A problem thought to be facing a person or group of people that entrepreneurs are looking to solve through goods and/or services.
The market conditions preceding a bubble, where prices are overvalued and driven up, thanks to unsustainable demand.
An ability to invest time and energy in systems that allow small businesses to grow while still handling increased demands.
The process of starting a business on a shoestring budget without external help or capital. Such startups fund the development of their company through internal cash flow.
A company, usually a tech start-up, without an established performance record, but with a stock market valuation estimated at more than $1 billion.
For this month’s column, I thought I’d reach out to people who made multi-tasking an artform and get them to explain how they so easily “pivot” from one task to another on a daily basis. But I found out that’s only one definition of pivot, and so I pivoted this column to another, more business-oriented version. (See what I did there?)
The word is overused, and overuse leads to misuse. (Misuse leads to annoyance, and then we’re at a place where no one even understands or cares what you mean.)
But “empower” is not just another piece of jargon to be casually tossed around:
In a tweet from March 2015, Forbes magazine called bandwidth a “geeky, pretentious shorthand for available manpower,” saying it was “a gentler brushoff than ‘We literally don’t have the energy to deal right now.’”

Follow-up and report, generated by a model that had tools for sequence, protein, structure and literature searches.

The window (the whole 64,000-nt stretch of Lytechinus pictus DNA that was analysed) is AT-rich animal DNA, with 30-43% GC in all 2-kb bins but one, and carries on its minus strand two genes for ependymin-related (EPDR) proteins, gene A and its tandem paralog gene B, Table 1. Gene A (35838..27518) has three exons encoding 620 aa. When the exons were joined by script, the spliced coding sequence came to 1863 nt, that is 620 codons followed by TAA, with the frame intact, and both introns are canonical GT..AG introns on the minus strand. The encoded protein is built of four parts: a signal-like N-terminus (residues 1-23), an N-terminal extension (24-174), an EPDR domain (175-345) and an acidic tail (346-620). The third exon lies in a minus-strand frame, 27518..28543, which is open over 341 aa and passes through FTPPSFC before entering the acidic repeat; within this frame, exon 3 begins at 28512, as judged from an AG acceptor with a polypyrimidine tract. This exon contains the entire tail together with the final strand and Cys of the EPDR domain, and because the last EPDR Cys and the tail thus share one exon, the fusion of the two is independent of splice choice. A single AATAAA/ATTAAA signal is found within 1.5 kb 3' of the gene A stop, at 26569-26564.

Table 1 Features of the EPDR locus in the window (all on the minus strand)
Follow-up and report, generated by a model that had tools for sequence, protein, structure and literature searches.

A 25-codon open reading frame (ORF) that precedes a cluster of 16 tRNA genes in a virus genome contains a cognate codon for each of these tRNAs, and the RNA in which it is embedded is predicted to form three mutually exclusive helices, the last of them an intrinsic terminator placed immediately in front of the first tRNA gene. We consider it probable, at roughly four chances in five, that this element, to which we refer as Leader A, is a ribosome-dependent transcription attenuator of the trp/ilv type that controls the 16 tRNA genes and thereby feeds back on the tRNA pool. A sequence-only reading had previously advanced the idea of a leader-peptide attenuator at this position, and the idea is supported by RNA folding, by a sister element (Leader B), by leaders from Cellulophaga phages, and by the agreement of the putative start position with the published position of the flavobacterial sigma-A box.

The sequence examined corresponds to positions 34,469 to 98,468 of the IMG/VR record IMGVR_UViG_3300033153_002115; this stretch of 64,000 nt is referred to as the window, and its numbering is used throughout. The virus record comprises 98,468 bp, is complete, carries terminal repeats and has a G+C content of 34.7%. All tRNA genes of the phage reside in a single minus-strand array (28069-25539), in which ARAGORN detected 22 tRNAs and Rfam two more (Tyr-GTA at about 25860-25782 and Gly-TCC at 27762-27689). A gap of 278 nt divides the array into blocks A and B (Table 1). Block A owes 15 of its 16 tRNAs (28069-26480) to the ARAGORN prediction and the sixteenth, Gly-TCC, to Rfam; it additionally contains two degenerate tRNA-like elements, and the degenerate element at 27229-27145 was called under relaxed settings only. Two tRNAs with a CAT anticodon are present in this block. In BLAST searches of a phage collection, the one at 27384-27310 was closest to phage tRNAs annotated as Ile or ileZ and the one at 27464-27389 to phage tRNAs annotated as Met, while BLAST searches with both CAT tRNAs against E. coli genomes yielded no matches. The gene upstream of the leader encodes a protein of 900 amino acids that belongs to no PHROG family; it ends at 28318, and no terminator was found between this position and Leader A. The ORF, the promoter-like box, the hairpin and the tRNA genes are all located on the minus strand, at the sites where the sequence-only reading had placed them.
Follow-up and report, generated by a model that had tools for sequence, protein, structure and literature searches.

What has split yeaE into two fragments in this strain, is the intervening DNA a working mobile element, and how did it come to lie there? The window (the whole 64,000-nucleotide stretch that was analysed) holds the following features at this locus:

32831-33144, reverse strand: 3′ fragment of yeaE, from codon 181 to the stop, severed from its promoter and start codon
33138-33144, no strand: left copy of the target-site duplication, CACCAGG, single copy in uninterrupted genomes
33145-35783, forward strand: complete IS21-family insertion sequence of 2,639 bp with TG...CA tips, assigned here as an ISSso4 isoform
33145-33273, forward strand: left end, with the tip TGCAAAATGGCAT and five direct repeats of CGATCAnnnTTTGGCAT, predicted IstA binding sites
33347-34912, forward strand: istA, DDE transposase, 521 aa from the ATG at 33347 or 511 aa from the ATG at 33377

To be disruptive now means to change things, to get people to look at something in a new light. (I’d like to go back and convince my 6-year-old self that it’s actually a good trait that got me sent to the time-out chair.)
Like all jargon, “disruption” started out well-intentioned: Who doesn’t want to be the one with the fresh vision of how things could be — not how they are?
Generally speaking, an ecosystem describes how different, complex organisms work together. How could a deeply biological term have invaded the usually-technical jargon of business? According to Google Trends, searches for “business ecosystem” and “innovation ecosystem” first entered the lexicon in the late ’90s and hit a peak within the last year.